Porsche bogged down by EV sales slump

Credit: Porsche North America

Porsche has published its Q4 and 2022 sales report, and despite an overall growth in sales over the year, the company’s sole electric vehicle, the Porsche Taycan, saw sales plummet in 2022.

Porsche’s sales report is positive overall. The German sportscar maker grew sales overall by 3% to 309,884 units sold annually, with much of that gain coming from Europe, where sales ballooned by 7%. Sales in other regions we less favorable; North American sales essentially matched the previous year, while sales in China decreased slightly, down 2% compared to last year. But despite this sales success, the company’s only electric vehicle, the Porsche Taycan, saw sales collapse by 16% compared to the previous year, selling 34,801 units.

Luckily for Porsche, the massive loss in Taycan sales was more than made up for in sales of their classically popular SUVs, including the Cayenne and Macan and the ever-loved 911 series. Nonetheless, Porsche faces a significant setback as it hoped to grow its EV presence over the past year, ahead of the launch of its second EV model, the Porsche Macan EV.

According to the company’s press release, Porsche Taycan sales were significantly hampered by “supply chain bottlenecks and limited component availability. Both issues affected the electric sports car in particular.”

Porsche’s assessment does seem to match the assessment of consumers online who have often complained of long wait times for the Porsche EV, sometimes stretching to as long as half a year or more. Porsche did not include any other details on the supply crunch in its press release, and it remains unclear how the company will address the problem in the new year.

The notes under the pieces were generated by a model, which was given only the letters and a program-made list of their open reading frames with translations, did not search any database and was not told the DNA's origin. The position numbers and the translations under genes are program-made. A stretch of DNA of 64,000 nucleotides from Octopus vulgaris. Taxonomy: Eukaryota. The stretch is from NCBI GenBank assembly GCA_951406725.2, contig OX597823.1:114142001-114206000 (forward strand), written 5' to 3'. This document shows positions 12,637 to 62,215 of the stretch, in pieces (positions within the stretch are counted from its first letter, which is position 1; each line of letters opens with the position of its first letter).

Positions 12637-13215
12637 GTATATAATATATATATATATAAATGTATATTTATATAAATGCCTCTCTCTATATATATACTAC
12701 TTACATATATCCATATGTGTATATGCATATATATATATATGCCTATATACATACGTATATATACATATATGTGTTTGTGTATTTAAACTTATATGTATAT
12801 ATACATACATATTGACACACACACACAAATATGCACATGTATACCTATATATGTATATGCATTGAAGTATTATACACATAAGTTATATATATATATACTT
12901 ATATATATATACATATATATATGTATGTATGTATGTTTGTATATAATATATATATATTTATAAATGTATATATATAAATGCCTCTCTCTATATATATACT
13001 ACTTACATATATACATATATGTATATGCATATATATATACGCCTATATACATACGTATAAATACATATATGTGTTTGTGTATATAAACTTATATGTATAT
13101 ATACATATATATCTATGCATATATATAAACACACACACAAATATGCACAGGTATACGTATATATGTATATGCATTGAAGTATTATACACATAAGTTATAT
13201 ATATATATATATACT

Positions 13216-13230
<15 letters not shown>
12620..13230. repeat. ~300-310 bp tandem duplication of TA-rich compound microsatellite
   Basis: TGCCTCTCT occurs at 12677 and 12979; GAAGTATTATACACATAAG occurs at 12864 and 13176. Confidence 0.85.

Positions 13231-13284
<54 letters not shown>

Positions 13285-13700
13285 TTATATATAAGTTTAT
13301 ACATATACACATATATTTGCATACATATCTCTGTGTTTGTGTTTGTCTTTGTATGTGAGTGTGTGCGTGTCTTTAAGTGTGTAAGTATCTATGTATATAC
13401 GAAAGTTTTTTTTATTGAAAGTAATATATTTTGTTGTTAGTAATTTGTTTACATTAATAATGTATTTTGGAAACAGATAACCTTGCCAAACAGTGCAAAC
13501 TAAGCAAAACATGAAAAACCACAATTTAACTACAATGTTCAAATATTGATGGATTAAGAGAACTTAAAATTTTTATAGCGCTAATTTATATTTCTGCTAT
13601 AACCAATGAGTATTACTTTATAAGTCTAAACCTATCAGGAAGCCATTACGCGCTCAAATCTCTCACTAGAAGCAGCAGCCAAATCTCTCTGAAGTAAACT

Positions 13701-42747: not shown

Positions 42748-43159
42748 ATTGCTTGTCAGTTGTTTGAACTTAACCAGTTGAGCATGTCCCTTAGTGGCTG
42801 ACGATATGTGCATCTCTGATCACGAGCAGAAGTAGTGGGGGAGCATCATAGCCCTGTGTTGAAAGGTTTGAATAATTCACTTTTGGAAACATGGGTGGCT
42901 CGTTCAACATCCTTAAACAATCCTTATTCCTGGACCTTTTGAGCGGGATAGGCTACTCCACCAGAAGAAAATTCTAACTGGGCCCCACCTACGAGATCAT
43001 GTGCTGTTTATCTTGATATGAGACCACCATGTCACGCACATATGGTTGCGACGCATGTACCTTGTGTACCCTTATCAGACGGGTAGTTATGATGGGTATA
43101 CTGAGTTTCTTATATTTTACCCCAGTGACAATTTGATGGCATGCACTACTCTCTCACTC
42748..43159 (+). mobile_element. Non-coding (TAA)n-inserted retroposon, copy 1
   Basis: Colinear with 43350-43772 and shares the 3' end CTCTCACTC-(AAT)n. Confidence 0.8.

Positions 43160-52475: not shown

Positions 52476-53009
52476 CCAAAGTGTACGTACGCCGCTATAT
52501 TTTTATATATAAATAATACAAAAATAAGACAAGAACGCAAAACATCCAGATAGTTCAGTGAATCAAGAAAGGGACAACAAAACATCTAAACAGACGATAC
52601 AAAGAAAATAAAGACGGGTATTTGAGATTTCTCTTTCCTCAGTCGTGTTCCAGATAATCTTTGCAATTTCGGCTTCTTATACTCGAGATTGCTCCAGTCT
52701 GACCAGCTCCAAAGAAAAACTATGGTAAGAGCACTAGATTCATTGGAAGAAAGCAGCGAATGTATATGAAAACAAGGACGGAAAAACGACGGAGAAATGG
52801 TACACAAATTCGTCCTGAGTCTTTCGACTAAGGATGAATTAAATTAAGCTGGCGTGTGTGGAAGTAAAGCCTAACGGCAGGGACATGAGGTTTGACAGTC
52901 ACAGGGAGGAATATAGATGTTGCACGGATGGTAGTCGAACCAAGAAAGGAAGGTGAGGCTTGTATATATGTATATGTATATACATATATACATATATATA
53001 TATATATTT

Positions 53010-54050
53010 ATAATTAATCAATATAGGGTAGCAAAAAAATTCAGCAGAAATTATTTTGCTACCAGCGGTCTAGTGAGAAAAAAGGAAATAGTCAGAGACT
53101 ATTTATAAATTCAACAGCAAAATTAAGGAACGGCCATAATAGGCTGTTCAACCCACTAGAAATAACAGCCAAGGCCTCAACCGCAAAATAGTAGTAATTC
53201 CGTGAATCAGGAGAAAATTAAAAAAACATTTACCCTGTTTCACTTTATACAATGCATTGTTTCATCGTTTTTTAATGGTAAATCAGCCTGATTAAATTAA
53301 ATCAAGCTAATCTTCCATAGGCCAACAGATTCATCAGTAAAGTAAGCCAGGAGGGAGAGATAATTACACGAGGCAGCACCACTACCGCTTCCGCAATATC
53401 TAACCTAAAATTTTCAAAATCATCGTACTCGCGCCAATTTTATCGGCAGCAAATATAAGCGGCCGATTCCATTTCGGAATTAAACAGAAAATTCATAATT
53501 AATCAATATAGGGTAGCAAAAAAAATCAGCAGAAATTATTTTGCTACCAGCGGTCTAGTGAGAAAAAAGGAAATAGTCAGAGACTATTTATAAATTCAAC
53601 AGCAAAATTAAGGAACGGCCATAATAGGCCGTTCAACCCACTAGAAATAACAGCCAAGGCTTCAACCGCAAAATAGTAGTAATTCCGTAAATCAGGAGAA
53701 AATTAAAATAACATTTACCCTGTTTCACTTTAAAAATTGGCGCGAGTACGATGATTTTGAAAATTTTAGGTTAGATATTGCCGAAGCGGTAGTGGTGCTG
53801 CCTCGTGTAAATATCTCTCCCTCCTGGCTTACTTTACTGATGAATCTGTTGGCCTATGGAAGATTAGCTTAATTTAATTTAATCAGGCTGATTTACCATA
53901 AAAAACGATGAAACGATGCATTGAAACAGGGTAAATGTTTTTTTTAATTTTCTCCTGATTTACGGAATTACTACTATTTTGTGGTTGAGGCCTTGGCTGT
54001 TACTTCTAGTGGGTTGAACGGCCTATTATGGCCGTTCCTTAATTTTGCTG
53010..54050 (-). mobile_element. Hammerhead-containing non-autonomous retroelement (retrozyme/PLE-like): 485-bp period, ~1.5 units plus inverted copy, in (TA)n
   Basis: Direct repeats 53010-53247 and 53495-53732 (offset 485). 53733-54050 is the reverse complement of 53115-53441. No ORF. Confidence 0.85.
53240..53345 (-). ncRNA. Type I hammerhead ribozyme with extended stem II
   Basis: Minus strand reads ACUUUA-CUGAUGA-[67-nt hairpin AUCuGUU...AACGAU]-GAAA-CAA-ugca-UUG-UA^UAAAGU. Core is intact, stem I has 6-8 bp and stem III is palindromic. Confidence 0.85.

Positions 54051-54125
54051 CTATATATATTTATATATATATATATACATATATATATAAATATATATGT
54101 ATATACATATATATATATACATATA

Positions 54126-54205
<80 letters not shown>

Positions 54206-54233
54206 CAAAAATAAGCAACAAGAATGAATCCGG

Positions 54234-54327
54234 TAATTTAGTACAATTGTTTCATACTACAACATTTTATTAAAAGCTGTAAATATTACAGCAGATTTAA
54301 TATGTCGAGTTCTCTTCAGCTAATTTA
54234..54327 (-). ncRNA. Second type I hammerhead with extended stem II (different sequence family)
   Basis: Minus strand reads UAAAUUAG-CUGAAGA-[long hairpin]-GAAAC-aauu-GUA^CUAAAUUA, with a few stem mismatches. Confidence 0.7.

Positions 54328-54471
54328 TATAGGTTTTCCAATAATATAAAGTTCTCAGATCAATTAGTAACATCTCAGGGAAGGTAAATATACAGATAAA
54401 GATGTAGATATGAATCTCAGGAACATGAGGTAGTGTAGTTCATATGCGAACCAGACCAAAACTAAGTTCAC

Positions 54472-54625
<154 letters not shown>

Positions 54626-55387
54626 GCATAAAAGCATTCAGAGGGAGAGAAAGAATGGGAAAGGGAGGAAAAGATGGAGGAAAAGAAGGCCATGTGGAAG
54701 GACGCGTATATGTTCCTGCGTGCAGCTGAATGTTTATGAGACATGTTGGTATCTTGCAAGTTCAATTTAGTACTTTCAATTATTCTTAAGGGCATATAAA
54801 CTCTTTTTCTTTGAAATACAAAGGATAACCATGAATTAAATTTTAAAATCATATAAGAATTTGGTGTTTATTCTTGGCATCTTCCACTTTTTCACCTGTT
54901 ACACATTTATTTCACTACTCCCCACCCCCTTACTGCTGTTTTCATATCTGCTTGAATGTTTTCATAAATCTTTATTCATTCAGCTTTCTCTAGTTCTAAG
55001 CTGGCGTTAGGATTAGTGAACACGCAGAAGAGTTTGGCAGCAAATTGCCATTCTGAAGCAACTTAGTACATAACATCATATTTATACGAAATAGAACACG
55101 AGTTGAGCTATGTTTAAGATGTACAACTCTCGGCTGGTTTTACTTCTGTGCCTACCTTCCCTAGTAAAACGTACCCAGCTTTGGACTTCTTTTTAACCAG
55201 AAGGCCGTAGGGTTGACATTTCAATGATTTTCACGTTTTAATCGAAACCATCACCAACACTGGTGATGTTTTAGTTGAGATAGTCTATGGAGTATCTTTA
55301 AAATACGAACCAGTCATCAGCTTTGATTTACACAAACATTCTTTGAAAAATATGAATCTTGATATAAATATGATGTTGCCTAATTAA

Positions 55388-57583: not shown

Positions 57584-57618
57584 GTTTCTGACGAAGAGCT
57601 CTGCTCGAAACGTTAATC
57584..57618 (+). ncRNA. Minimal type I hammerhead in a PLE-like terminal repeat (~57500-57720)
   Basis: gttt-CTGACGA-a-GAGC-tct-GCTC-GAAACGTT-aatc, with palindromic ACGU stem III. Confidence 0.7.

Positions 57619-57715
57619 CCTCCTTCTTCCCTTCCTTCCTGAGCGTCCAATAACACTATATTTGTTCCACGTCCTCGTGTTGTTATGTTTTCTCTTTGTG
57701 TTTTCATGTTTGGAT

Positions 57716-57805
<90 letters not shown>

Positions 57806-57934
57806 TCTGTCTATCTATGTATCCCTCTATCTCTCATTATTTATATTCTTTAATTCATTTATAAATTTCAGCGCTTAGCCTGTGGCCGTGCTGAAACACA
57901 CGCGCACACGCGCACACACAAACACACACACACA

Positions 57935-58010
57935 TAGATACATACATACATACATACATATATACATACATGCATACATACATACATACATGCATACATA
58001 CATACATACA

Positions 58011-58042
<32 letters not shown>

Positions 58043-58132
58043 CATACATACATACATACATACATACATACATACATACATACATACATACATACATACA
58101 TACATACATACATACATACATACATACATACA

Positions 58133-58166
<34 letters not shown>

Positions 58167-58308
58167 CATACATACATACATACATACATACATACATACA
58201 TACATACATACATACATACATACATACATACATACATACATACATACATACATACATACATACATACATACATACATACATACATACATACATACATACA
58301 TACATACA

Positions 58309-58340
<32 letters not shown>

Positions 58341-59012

Porsche’s EV supply blunder makes them somewhat of a unique case in the luxury EV space. While Tesla is perhaps the best example of growing EV sales throughout 2022, even other legacy German luxury brands like Mercedes-Benz, BMW, and Porsche sibling brand Audi significantly increased EV sales throughout the year.

For many brands, the chip shortage and supply constraints that first appeared in 2021 are both real problems that must be conquered. And for some, such as Porsche, conquering them will be paramount if they wish to expand the sales of their EV offerings in the coming year.

What do you think of the article? Do you have any comments, questions, or concerns? Shoot me an email at william@teslarati.com. You can also reach me on Twitter @WilliamWritin. If you have news tips, email us at tips@teslarati.com!

William Johnson: Will is an auto enthusiast, a gear head, and an EV enthusiast above all. From racing, to industry data, to the most advanced EV tech on earth, he now covers it at Teslarati.
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